ATM operating systems need security updates

EVER heard of Barnaby Jack? No?

He's the Kiwi who first hacked into an ATM. Having purchased a couple of ATMs online about 2007, he spent a couple of years in his lab poring over the ATM's operating system, looking for vulnerabilities, opportunities to add code, reconfigure, and control the behaviour of the machine.

Jack remarked that when the delivery guys would come to his house (lab) with the purchased machines, they would ask why someone would want ATMs in their house.

Feeling cheeky, Jack would reply, "I'm sick of the transaction fees bro."

His labour of love culminated in a presentation at Black Hat, the famous global hacking convention hosted in Las Vegas each year.

During his 2010 presentation, Jack famously wheeled a couple of ATMs on stage and proceeded to demonstrate within a few minutes how to make money spew from the machines like water from a tap.

We call these logical attacks and following his Black Hat performance, we know that Jack's pet project and technical know-how fell into the hands of organised crime.

Logical attacks typically focus on aging ATMs, where criminals "hack" into vulnerable and out-dated operating systems of the machines and reprogram them to dispense its cash.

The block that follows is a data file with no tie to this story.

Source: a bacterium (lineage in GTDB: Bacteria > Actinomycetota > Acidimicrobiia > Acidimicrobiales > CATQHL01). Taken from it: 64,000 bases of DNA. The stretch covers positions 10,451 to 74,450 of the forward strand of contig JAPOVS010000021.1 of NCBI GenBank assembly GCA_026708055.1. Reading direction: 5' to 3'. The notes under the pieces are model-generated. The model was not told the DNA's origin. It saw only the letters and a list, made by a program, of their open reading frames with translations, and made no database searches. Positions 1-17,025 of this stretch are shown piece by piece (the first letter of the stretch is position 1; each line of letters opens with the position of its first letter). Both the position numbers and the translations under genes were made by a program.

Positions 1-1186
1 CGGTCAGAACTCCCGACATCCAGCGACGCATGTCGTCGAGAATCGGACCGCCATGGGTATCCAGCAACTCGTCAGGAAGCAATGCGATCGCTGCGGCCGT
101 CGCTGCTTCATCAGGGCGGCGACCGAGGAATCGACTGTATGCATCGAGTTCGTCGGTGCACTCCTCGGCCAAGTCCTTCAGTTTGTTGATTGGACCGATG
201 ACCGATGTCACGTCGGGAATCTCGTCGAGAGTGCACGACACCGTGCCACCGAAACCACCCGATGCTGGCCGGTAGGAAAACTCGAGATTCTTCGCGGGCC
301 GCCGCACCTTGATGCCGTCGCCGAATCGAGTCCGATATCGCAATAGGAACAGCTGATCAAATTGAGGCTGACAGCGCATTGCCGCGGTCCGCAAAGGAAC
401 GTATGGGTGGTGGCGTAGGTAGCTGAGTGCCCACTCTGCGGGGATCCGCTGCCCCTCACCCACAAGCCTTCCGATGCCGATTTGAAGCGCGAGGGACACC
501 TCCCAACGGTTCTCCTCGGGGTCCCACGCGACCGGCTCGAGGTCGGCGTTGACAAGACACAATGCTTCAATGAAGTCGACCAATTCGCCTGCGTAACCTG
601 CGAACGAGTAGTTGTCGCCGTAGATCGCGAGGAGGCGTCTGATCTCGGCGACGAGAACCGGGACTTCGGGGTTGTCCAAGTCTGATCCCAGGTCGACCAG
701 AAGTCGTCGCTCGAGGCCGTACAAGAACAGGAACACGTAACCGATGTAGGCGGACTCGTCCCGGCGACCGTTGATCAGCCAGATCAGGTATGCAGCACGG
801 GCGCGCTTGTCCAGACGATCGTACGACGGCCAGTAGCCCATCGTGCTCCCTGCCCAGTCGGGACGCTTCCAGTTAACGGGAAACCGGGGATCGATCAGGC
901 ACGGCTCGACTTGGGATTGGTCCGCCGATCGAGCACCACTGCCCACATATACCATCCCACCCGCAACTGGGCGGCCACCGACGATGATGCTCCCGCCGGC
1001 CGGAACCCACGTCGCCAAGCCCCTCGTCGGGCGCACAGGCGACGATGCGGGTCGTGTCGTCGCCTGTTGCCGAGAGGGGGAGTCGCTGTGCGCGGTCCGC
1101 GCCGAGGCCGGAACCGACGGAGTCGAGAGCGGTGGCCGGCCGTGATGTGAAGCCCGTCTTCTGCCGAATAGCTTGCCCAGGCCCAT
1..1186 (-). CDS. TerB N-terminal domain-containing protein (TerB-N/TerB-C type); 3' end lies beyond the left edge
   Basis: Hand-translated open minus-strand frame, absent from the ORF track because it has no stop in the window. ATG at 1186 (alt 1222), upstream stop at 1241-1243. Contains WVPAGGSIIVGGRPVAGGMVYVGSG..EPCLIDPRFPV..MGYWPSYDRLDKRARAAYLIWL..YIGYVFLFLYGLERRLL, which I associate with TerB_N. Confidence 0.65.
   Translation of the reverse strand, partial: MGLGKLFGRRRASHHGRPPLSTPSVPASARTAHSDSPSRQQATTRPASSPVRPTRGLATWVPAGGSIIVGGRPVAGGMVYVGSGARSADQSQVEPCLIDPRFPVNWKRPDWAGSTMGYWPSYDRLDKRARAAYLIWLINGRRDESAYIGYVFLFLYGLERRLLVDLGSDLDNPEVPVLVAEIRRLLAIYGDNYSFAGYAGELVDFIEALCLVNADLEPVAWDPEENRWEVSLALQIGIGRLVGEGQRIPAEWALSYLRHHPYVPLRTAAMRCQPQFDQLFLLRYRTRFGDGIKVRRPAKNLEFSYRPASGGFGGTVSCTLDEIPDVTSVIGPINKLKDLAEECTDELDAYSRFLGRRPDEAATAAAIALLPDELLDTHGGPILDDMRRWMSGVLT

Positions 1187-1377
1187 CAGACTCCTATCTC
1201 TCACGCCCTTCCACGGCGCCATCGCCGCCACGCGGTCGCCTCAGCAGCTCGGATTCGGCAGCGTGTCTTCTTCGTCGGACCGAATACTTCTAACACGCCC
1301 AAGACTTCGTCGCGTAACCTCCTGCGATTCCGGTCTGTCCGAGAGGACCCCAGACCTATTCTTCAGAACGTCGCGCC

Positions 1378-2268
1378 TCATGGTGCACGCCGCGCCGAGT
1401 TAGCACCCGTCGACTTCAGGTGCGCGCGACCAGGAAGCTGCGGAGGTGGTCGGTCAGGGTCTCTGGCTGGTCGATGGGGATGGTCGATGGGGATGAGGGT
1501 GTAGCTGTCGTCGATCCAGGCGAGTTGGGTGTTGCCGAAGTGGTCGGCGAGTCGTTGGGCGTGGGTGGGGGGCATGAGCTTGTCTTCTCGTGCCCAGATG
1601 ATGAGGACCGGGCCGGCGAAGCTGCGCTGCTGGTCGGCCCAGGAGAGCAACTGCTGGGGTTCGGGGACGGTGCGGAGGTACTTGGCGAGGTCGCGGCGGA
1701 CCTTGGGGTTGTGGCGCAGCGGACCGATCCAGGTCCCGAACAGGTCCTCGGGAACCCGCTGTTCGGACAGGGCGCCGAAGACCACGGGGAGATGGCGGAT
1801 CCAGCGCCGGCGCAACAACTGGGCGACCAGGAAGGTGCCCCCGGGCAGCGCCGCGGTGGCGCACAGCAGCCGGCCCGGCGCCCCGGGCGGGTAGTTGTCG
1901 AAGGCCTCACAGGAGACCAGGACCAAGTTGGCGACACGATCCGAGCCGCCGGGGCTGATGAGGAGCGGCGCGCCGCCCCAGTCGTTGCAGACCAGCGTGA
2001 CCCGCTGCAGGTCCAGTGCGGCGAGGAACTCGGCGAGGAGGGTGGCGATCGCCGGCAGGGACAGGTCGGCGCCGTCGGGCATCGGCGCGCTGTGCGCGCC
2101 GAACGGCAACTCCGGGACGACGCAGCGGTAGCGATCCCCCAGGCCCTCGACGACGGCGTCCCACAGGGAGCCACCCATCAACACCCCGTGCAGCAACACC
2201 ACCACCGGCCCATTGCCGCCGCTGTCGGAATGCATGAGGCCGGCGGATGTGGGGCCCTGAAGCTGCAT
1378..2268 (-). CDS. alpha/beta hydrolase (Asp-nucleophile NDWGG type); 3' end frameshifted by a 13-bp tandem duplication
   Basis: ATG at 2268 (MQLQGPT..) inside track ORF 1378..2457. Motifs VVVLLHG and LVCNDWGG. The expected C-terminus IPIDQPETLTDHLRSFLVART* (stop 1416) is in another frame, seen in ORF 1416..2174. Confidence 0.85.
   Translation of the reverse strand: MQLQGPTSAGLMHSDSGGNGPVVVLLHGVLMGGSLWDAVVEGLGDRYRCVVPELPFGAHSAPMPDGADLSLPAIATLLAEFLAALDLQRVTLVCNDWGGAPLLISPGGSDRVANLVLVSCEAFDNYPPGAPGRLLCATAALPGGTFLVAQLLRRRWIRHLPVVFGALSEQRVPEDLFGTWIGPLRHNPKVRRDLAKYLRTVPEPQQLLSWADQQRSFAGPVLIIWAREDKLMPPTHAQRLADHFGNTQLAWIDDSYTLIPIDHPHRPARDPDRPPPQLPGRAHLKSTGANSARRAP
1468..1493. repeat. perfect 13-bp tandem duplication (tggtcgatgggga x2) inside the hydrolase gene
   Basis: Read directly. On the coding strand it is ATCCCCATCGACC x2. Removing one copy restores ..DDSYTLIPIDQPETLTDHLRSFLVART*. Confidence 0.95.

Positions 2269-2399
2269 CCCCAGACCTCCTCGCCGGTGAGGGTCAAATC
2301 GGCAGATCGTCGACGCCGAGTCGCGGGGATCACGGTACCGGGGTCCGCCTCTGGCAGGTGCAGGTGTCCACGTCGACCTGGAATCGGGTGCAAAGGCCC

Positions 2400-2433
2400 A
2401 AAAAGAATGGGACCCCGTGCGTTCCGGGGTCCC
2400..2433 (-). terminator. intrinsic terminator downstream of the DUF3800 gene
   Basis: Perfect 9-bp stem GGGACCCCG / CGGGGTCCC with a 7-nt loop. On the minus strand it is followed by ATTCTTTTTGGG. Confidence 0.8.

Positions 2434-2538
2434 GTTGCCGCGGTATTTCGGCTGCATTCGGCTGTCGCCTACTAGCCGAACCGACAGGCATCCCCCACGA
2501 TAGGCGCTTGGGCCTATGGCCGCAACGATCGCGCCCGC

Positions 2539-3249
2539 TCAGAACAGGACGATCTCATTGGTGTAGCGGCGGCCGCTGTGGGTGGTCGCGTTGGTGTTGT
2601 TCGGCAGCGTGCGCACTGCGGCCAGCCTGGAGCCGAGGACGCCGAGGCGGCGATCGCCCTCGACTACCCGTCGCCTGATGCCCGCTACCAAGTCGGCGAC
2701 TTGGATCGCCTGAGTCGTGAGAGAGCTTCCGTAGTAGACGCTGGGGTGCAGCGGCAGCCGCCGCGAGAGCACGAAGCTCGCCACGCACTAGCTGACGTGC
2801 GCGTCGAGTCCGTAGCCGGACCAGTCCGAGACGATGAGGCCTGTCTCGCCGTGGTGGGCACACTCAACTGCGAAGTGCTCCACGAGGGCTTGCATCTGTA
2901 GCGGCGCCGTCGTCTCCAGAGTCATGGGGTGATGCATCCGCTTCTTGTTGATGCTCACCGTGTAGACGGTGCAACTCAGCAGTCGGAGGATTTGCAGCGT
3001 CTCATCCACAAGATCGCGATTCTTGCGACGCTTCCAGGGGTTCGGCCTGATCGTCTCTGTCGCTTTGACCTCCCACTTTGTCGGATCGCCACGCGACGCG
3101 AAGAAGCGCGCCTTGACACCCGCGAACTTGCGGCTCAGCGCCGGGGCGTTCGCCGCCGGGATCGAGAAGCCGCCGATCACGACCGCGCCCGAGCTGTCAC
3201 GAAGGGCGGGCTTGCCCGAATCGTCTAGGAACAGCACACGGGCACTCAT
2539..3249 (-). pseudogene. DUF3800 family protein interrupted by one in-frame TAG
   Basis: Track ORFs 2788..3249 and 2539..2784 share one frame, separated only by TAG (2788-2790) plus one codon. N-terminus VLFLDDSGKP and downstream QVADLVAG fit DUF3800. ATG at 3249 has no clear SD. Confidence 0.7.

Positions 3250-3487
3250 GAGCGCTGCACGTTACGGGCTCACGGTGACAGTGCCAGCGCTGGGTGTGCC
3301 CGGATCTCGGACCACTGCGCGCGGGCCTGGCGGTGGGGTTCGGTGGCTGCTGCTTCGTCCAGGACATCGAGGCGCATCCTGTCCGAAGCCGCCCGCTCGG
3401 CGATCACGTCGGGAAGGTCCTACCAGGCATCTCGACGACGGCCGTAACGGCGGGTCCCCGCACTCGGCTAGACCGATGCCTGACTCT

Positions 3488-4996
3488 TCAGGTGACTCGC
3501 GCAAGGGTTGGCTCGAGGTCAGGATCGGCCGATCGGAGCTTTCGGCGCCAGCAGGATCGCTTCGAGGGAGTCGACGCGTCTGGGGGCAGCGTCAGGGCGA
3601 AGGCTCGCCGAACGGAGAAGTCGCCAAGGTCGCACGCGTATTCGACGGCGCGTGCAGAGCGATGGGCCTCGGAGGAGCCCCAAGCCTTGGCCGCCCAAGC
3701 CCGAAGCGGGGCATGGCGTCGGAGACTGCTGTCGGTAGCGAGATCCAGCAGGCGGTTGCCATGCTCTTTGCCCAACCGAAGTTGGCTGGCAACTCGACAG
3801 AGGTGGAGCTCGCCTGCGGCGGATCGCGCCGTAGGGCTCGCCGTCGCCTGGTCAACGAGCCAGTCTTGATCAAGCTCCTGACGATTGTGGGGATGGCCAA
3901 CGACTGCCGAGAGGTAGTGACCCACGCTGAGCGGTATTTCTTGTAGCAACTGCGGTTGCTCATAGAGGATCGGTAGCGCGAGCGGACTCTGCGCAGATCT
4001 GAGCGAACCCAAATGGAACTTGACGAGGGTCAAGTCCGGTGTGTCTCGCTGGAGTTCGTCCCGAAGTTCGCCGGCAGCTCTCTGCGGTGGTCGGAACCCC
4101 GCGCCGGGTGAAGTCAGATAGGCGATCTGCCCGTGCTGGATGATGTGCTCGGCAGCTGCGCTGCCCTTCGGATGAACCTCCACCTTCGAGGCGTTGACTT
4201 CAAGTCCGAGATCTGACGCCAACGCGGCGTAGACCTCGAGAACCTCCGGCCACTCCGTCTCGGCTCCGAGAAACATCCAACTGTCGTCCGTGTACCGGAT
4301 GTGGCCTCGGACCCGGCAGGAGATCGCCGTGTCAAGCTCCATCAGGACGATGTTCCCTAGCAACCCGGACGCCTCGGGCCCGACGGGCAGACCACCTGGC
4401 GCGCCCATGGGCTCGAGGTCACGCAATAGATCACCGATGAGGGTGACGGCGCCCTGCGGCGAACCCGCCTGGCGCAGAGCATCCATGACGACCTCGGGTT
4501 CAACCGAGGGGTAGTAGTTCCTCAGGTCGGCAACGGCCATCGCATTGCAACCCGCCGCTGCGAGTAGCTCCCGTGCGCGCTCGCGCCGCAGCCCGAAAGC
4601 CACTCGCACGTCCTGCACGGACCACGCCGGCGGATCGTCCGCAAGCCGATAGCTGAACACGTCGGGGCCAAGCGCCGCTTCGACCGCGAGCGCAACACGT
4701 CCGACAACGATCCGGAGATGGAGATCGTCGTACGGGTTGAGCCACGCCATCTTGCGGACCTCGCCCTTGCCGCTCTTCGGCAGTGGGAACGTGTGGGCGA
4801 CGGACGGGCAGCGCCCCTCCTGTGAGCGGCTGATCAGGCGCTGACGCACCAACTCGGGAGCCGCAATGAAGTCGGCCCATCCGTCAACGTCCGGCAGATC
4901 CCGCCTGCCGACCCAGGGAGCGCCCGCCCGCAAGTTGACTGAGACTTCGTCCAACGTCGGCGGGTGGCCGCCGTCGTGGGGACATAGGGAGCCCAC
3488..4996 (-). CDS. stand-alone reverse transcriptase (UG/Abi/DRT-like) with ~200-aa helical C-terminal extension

An out-dated ATM is not necessarily measured in years.

Out-dated is a factor of whether the owner of the ATM and the manufacturer update its operating system. Just like our computers, tablets and mobile phones, ATM operating systems need updates to improve performance and security.

Attacks on ATMs are not new.

They're also not as common as we may think.

Australia had its spate of bash-and-crash ATM challenges a few years ago.

However, Australia is yet to see any reports of logical attacks impacting our ATMs. This may be a matter of time.

Public reporting of attacks on ATMs are a little hit and miss.

But you have to know what to look for and there is supporting evidence that such groups prefer the warmer months.

ATMs are in just about any retail and high cash-volume premises such as pubs and clubs.

If you run a business that has an ATM, ask your provider whether its operating system is vulnerable.

Dr David Lacey is a senior research fellow in the Centre for Human Factors and Sociotechnical Systems at the University of the Sunshine Coast and director of iDcare, Australia and

New Zealand's National Identity Support Service.

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